Tuesday, 21 February 2017 06:27

Bee Venom

Written by   Mia Hartmann, R&D Chemist at ACT Labs

Bee venom is a powerful skin care active that promises results similar to Botox, but without any side effects or paralyzation of the facial muscles. This non-invasive alternative to the powerful injectable is powered by 18 active substances, including the peptides, melittin and apamin, which are mainly responsible for giving this ingredient its Botox-like effect.

1 The idea of bee venom in skin care products is sure to shock clients, but with results like these, clients just cannot resist its appeal.

Bee venom is very popular in the United Kingdom and it is slowly gaining popularity in China and the United States. High-profile clients, including members of the British Royal family, such as the Dutchess of Cornwall and Duchess Kate Middleton, have reportedly received bee venom treatments to prepare for public events.bee

Bee venom's powerful activity lies in its ability to fool the skin into thinking it has been lightly stung. When applied topically, the ingredient first triggers a slight tingling sensation. The skin combats the "sting" by first producing a noticeable tightening sensation. The skin's healing process is then initiated so that the production of collagen and elastin can be increased in order to regenerate structures in the site that has been affected, which the skin perceives as damaged.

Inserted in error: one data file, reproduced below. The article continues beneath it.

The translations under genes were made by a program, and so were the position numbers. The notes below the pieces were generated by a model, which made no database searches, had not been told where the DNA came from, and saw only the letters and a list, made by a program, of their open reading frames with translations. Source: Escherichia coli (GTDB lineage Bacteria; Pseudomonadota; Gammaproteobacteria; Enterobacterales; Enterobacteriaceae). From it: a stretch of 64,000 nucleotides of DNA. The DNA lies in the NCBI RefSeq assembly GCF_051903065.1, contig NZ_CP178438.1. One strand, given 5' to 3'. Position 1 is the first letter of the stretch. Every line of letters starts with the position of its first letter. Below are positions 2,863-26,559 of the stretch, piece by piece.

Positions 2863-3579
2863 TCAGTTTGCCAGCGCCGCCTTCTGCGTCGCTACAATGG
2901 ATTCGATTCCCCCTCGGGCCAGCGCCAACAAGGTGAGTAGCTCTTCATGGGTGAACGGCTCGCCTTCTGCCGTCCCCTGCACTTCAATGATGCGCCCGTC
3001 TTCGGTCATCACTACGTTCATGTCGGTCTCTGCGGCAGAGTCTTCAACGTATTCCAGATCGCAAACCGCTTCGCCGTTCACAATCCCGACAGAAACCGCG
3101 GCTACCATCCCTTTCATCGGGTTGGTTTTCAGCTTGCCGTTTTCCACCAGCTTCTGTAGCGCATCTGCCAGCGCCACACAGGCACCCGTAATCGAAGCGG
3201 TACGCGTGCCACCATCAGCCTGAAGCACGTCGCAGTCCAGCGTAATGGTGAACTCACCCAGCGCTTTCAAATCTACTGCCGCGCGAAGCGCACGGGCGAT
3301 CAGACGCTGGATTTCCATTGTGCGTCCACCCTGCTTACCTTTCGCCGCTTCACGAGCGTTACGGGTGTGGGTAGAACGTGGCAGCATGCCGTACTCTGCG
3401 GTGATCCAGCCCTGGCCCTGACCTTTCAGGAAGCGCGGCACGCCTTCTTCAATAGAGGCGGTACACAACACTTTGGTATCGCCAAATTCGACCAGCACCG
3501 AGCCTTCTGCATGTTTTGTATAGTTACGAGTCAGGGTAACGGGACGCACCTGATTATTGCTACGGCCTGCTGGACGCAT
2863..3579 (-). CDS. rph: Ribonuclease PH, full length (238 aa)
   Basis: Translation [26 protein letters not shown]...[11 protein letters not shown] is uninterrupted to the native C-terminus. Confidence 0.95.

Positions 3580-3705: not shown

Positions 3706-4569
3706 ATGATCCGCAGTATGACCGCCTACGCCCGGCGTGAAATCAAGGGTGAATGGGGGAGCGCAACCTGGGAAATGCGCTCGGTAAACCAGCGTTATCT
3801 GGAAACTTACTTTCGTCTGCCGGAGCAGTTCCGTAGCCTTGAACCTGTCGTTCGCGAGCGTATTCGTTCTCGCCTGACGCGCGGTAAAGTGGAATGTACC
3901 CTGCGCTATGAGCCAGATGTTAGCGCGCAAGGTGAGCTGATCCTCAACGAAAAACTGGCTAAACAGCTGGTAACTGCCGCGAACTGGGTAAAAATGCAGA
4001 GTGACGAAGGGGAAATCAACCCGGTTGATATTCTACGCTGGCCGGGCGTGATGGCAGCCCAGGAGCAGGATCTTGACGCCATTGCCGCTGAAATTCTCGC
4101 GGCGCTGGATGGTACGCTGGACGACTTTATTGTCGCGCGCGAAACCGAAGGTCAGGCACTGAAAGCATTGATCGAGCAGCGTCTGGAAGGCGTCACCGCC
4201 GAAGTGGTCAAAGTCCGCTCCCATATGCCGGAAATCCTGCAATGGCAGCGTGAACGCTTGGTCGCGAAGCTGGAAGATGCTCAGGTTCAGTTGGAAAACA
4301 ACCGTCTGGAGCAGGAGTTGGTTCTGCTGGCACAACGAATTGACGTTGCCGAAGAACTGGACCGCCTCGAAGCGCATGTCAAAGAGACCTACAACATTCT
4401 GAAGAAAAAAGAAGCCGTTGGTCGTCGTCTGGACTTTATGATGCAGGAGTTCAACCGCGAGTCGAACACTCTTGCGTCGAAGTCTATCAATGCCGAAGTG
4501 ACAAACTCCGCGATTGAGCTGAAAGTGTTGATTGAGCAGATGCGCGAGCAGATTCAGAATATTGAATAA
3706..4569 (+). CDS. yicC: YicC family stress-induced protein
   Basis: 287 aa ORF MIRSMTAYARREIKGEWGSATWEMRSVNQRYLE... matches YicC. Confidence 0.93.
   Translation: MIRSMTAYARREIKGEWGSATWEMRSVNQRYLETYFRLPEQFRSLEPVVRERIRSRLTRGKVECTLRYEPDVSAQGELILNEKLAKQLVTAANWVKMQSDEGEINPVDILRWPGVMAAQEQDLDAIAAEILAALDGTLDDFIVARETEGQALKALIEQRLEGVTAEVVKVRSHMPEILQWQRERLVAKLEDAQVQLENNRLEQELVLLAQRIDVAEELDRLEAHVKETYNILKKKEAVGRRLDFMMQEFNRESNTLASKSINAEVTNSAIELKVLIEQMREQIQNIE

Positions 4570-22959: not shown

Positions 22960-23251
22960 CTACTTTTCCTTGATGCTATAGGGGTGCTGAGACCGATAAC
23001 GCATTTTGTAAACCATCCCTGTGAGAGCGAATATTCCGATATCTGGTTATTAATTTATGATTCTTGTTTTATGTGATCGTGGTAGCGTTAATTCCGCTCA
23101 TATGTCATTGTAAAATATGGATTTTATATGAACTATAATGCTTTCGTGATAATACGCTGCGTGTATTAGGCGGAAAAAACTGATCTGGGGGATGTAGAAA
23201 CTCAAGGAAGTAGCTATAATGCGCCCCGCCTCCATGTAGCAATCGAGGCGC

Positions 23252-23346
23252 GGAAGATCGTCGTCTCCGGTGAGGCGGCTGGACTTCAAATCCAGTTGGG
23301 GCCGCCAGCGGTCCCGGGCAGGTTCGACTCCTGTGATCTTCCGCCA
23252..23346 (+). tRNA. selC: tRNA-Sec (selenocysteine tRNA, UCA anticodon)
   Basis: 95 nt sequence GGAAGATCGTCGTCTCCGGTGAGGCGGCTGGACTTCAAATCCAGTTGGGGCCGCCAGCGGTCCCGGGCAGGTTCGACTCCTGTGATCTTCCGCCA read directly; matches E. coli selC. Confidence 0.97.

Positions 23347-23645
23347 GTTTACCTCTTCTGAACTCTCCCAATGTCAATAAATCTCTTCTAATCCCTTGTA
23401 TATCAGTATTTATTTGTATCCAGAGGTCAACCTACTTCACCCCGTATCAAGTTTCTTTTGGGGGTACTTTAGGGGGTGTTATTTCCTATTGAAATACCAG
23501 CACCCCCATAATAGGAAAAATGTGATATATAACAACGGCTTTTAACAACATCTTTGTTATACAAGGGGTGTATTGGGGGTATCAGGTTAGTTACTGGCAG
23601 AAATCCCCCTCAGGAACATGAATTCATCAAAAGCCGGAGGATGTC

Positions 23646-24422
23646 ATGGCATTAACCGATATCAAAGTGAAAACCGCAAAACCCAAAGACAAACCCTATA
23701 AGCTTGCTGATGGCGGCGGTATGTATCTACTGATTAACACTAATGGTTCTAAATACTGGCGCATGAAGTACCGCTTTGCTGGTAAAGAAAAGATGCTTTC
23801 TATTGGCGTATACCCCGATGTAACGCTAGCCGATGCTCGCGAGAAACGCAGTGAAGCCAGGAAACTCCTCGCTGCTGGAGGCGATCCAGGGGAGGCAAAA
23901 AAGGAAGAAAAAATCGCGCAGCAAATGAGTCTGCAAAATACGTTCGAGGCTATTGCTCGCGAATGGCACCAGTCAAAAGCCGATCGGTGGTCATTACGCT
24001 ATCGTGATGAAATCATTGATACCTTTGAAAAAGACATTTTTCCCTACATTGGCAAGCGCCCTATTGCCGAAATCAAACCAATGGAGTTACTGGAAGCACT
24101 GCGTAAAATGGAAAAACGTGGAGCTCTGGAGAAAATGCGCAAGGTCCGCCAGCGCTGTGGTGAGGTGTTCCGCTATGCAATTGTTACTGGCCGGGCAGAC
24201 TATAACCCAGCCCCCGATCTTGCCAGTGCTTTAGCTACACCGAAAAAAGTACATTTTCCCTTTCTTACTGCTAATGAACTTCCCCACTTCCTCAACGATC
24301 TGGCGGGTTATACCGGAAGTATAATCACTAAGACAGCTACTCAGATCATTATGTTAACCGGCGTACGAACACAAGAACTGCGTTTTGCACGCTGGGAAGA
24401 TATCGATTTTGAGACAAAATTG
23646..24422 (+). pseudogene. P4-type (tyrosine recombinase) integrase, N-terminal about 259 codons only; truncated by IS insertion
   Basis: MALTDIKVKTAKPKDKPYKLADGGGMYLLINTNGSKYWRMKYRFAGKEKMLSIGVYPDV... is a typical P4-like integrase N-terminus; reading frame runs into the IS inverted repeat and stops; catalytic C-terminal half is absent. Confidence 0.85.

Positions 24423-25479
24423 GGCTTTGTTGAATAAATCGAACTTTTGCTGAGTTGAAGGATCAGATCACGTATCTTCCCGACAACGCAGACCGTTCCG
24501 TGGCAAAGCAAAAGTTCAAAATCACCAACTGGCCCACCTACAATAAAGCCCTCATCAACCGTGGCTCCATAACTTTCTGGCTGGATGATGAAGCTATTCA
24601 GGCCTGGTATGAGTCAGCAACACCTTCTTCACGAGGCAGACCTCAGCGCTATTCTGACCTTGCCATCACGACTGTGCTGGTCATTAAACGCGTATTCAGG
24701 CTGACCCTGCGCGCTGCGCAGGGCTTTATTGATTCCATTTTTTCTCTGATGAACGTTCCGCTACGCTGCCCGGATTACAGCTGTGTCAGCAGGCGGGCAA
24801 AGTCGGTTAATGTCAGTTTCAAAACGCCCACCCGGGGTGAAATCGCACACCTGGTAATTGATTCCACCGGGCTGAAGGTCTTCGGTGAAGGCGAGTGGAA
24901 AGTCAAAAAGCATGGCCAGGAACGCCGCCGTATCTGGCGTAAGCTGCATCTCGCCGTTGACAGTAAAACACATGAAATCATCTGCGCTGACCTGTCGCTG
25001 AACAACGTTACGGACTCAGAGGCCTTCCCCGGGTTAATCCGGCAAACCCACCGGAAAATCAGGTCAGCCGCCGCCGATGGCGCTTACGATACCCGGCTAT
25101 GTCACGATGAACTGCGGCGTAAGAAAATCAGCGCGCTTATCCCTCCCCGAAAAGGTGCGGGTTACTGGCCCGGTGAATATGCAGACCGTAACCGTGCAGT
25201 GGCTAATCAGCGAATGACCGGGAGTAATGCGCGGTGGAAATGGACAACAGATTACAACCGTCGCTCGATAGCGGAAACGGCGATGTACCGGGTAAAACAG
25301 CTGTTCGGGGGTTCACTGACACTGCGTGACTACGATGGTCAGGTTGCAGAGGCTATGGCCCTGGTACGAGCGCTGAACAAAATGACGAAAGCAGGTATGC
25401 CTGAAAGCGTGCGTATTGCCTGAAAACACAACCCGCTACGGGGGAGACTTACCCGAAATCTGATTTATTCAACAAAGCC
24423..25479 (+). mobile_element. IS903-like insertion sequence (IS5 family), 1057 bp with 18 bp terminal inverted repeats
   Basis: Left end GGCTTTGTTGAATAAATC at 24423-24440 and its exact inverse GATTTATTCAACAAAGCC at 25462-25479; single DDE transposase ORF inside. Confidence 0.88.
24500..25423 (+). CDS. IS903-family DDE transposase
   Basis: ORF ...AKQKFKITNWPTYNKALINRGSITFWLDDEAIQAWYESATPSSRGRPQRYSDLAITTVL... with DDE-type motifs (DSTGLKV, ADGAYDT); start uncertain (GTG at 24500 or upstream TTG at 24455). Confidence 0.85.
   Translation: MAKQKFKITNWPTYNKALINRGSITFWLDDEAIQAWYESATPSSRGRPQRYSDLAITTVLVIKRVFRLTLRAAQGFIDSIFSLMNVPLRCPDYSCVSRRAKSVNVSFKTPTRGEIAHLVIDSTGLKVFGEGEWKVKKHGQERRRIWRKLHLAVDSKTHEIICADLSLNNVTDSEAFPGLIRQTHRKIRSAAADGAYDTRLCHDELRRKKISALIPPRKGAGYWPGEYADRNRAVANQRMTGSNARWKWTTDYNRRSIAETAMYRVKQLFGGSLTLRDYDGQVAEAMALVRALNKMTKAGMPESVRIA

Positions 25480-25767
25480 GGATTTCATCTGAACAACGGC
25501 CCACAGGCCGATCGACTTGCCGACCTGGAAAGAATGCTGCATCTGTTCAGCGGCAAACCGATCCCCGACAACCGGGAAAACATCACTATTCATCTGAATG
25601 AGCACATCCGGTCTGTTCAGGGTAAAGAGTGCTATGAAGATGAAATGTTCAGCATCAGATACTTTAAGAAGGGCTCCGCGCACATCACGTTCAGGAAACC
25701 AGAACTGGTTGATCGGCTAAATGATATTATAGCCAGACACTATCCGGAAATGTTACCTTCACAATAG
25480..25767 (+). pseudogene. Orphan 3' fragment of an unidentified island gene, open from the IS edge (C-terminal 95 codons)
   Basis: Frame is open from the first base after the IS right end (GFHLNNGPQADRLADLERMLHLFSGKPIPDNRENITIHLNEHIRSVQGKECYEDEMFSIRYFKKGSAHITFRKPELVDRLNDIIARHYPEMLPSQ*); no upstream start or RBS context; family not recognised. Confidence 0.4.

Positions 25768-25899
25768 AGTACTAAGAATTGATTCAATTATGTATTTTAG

Users claim that plumping and volumizing results appear in as little as five days.2 Masks and moisturizers are the most common products that contain bee venom, but this active can also be found in eye creams or serums.

It is important to emphasize that no bees are harmed in the collection of this ingredient. Given the growing concern regarding the Earth's diminishing bee population, beekeepers have taken every precaution to ensure that the venom is collected without harming the hive. To harvest the venom, beekeepers first place a glass lid over the hives. Irritated that they are trapped, bees respond by stinging the glass. By using the glass to confine the bees, it is ensured that they are not killed by the sting itself, nor do they lose their stingers. Since the stinger cannot penetrate the glass, it remains intact and the venom can be scraped off the glass, inspected, and filtered.2 Bee venom is not only collected for use in skin care, but also for the treatment of medical conditions, like arthritis. Bee venom may not be the most traditional skin care ingredient, but its powerful results have secured its place in the skin care world as an elite anti-aging active.

1 Mahmoud, A. (2012). "Studies on Bee Venom and its Medical Uses." International Journal of Advancements in Research & Technology, 1(2).
2 Gram, K. (2012, May 14). "Bee-auty Product Puts Sting on Age Lines." Vancouver Sun.

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